Sauté the leeks, chili, garlic, and ginger in the oil over medium high heat until softened, for about 5 to 6 minutes.
Add the squash, apples, diced tomatoes, curry powder, cumin, and stock. Stir to combine. Cover and bring to a boil over high heat. Reduce the heat to low and simmer, covered, until the squash and apples are tender and the flavors blend, for 20 to 30 minutes.
Adjust the seasonings with salt and pepper.
To serve, heat the soup to boiling. Remove 1 cup of the soup. Place it in a blender and process until smooth. (Or insert an immersion blender into the soup and purée it slightly.) Remove the soup from the heat and stir in the coconut milk. Heat it gently if needed. Adjust the seasonings. Garnish with generous amounts of the chopped parsley.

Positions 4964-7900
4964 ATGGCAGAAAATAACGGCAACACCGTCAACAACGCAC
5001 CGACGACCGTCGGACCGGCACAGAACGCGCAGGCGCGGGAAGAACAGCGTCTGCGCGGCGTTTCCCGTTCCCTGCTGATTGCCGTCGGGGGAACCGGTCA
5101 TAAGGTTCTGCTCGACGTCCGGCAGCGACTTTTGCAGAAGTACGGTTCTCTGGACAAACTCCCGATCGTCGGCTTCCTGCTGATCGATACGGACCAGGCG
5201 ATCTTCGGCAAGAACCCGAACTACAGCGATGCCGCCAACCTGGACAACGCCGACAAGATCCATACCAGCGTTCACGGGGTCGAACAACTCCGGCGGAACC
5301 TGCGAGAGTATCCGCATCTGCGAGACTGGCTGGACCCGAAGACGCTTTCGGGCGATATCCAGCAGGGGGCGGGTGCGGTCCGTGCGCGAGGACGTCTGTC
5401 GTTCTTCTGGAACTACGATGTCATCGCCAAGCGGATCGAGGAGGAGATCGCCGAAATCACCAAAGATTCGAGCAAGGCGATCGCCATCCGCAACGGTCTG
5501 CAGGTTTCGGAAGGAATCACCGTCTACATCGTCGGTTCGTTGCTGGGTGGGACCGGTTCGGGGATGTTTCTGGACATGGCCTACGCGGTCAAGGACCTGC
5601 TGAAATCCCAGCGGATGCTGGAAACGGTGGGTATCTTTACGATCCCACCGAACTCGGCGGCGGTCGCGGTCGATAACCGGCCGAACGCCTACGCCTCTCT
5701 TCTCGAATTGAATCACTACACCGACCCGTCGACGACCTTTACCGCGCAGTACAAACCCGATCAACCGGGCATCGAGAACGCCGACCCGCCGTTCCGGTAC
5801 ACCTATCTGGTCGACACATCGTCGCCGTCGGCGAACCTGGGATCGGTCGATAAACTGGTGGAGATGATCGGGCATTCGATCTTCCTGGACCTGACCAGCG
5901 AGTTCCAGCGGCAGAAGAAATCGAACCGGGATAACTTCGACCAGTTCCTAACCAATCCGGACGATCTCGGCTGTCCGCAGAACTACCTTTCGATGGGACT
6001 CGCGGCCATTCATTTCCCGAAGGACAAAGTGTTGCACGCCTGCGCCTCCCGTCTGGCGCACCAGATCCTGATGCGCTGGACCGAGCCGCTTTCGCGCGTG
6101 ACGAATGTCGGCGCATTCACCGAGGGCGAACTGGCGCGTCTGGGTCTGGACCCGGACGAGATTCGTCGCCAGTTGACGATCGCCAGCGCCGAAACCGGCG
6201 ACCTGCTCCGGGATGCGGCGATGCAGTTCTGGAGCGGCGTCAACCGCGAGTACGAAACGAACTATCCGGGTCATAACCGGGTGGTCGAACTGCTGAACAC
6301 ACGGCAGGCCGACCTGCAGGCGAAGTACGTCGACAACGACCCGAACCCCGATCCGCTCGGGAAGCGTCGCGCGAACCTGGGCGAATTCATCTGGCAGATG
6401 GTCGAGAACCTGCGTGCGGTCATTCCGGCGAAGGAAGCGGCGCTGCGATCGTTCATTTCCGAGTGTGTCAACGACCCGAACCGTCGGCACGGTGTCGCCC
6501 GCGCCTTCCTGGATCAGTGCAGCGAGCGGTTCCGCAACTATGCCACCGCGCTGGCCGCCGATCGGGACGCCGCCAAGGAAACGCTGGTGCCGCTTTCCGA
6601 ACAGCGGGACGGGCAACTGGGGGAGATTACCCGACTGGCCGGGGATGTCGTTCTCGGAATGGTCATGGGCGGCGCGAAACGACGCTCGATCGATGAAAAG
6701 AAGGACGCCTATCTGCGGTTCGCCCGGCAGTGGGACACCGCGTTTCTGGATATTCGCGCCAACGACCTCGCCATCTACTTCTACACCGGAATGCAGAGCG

Variation: Butternut Squash Leek Apple Curry Bisque
Preheat the oven to 375°F. Spread the diced squash and apples out onto a greased paper-lined sheet pan. Roast until the squash and apples are tender, for about 15 minutes. Add the cooked mixture in Step 5 with the listed ingredients. Simmer 10 to 15 minutes to blend the flavors. Purée the soup until silky smooth before serving.
© Priscilla Martel – Living a Flavorful Life. https://priscillamartel.com
Priscilla Martel’s Mulled Côtes du Rhône
1 bottle red Cotes du Rhône or Pinot noir wine
1 cup red port wine
4 star anise pods
6 cardamom pods
1 cinnamon stick
½ teaspoon grated orange zest or several whole pieces
2-3 tablespoons honey
Sprigs fresh rosemary
Combine all the ingredients except the rosemary in a saucepan. Bring to a boil. Reduce the heat and simmer for 8 to 10 minutes.
Serve in heavy stem glasses or mugs garnished with sprigs of rosemary.